Marin County Elections: San Rafael's Proposed Sales Tax Would Be Highest in County

San Anselmo and San Rafael voters will be considering increases to their sales tax rates on the November ballot.

If approved, San Rafael would have the highest sales tax in the county.
If approved, San Rafael would have the highest sales tax in the county.
Bay City News Service — Voters in Marin County are deciding on 10 measures on the November ballot, including four sales tax measures and a $394 million bond issue for new construction and improvements to Marin General Hospital.

If approved, Measure D in San Anselmo will rise the sales tax rate a half-cent for 10 years to pay for potholes, road repaving, public safety and other general town services. San Anselmo's tax rate is currently 8.5 percent. 

San Rafael's voters will be asked to not only extend the existing half-cent sales tax rate, but increase it a quarter-cent for 20 years. That would raise its tax rate to 9.25 percent — the highest in the county. City officials say the money from the rate increase will pay for maintaining rapid police and fire response times, maintaining adequate police and fire staffing and repairing city streets.

The town of Corte Madera is asking voters to approve Measure B, a half-cent sales tax increase for six years to pay for essential city services. The current tax rate is 8.5 percent. Larkspur voters will consider Measure C, a half-cent sales tax hike for five years for streets and roads, pothole repair and police and fire protection and other essential city services. The current tax rate is 8.5 percent. 

All four sales tax measures require the approval of a majority of the voters.

Hospital bond — Measure F

The Marin Healthcare District's $394 million bond Measure F requires two-thirds approval. The bonds will be used for seismic upgrades to Marin General Hospital, the county's only designated trauma center.

Voters throughout the county, excluding Novato and portions of west Marin County, will decide on the bond that aims to expand emergency and other medical facilities and reduce emergency room waiting times.

The Lagunitas Elementary School District is asking voters in San Geronimo, Lagunitas, Forest Knolls and Woodacre to approve the issuance of $5 million in bonds to modernize classrooms and libraries, renovate school facilities, enhance student access to technology and upgrade playgrounds and playing fields. Measure A requires the approval of 55 percent of the voters.

 The Kentfield Fire District's Measure G seeks a repeal of the existing fire tax of six cents per square foot and replaces it with a tax of 10 cents per square foot. The tax revenue aims to maintain rapid medical emergency response services and contribute to the District's long-term fiscal well-being. It requires two-thirds approval.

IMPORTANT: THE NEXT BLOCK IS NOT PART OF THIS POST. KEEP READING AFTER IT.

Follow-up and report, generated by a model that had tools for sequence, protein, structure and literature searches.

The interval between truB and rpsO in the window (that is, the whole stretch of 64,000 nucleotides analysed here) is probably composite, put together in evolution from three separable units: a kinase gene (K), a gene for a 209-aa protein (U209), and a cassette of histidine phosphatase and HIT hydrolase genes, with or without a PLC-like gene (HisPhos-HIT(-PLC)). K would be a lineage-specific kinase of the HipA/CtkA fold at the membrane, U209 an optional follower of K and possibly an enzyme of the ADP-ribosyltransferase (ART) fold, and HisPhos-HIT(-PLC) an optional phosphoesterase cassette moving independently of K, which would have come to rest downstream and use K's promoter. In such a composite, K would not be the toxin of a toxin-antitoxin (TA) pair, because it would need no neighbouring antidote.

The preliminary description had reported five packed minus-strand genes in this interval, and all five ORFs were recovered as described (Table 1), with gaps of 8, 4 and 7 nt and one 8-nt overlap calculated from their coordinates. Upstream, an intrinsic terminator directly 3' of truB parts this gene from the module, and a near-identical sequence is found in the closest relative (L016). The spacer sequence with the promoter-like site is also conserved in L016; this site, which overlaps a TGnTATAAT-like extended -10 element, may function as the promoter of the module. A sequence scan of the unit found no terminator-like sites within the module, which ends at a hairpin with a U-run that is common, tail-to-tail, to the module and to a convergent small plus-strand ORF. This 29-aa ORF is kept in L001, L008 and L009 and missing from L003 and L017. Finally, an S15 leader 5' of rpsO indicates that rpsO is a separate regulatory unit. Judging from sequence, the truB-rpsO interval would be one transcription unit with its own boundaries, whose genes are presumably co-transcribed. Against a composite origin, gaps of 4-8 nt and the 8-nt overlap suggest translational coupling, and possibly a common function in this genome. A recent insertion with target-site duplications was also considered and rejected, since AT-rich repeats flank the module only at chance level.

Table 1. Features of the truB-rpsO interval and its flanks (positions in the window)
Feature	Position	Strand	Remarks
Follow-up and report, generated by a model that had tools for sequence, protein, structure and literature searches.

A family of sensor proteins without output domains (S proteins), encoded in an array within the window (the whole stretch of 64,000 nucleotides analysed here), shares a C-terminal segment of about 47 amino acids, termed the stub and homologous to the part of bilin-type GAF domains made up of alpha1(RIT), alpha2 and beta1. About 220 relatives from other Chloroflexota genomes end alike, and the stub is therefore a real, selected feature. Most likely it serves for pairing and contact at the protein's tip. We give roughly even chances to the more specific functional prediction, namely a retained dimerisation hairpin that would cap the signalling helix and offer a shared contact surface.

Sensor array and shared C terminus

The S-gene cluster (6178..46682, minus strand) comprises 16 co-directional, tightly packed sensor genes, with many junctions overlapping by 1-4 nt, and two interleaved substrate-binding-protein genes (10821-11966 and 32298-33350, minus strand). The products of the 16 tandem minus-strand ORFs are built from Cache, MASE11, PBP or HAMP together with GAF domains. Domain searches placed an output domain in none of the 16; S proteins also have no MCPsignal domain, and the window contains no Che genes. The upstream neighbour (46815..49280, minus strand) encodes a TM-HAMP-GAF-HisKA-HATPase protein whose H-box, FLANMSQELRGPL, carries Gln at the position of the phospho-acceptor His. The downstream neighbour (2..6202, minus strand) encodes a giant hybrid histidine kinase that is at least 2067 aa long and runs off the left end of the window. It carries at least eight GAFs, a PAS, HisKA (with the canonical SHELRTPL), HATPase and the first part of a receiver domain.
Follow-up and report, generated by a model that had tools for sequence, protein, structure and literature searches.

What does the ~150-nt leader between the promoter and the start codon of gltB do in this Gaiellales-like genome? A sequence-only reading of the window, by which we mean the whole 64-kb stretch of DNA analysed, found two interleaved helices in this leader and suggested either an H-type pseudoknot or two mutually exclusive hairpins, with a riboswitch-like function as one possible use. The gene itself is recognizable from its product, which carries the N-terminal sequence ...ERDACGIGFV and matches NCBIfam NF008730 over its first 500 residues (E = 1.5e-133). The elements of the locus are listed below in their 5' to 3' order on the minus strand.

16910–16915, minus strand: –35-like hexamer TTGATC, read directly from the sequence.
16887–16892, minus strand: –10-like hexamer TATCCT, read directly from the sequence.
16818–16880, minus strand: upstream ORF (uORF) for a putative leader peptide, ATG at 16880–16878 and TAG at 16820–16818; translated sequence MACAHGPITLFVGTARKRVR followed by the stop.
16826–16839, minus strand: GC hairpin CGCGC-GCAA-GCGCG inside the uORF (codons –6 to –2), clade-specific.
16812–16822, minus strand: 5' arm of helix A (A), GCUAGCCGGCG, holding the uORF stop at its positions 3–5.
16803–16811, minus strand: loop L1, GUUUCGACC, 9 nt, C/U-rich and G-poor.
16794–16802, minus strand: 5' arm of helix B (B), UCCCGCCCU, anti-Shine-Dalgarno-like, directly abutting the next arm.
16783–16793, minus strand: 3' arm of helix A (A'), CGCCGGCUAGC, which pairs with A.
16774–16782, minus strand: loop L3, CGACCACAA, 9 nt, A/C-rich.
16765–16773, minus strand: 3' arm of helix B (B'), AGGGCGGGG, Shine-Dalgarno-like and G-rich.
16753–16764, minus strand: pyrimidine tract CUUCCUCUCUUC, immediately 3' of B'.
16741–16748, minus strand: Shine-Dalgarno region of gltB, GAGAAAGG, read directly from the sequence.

Measure H in the Marinwood Community Services District would approve a special tax for park, street and open space maintenance services in Marinwood for the next four fiscal years. A majority approval is required for passage.

 The Mesa Park District is seeking a special $49 annual tax for four years to maintain and operate Mesa Park at 110 Mesa Road in Bolinas. Measure I requires two-thirds approval.

 Measure J is a $7 million bond measure for recreational construction and improvements in the Strawberry Recreation District. Funding would go toward new bathrooms, pool renovations, new playground features, a hillside amphitheater and improving tennis courts, athletic fields and bleacher seats, among other upgrades. It requires two-thirds approval.
Randy Warren October 20, 2013 at 09:57 AM
San Rafael's new sales tax would not merely be the highest in Marin. It would be the highest in Marin, Sonoma, and San Francisco. The tax is a "general fund" tax. This means that regardless of what is suggested as possible uses for the money, it cannot be earmarked. It merely goes into the general fund. The reality is that San Rafael has so badly mismanaged its pension disaster that we have no choice but to raise the sales tax, in hopes of getting this city off the road to bankruptcy. I voted already, and voted in favor of the tax, not because it is appropriate but because the city is going to be in dire straits without the money. I also voted for myself as a candidate for city council, so we can work on real solutions to the problems our past city councils have kicked down the road. The buck needs to stop here, or otherwise the bucks will need to keep coming.
Richard Hall October 20, 2013 at 10:39 AM
One issue is that the "ask" for the tax rise is presented in the most appealing and urgent way - "it's to help you in emergencies", but in reality it's to pay for this pensions crisis. But presenting this real reason they know it would never pass. Again this is a reason why it's time to stop voting for incumbents/more of the same. There is a well trodden path to city council. Did you notice the glossy foldout Police and Fire pamphlets encouraging you to vote for specific candidates? We have to break the cycle with fresh candidates like Randy Warren.
Patti October 21, 2013 at 01:34 PM
I voted for Randy Warren already. Before he posted this. Glad for his explanation.


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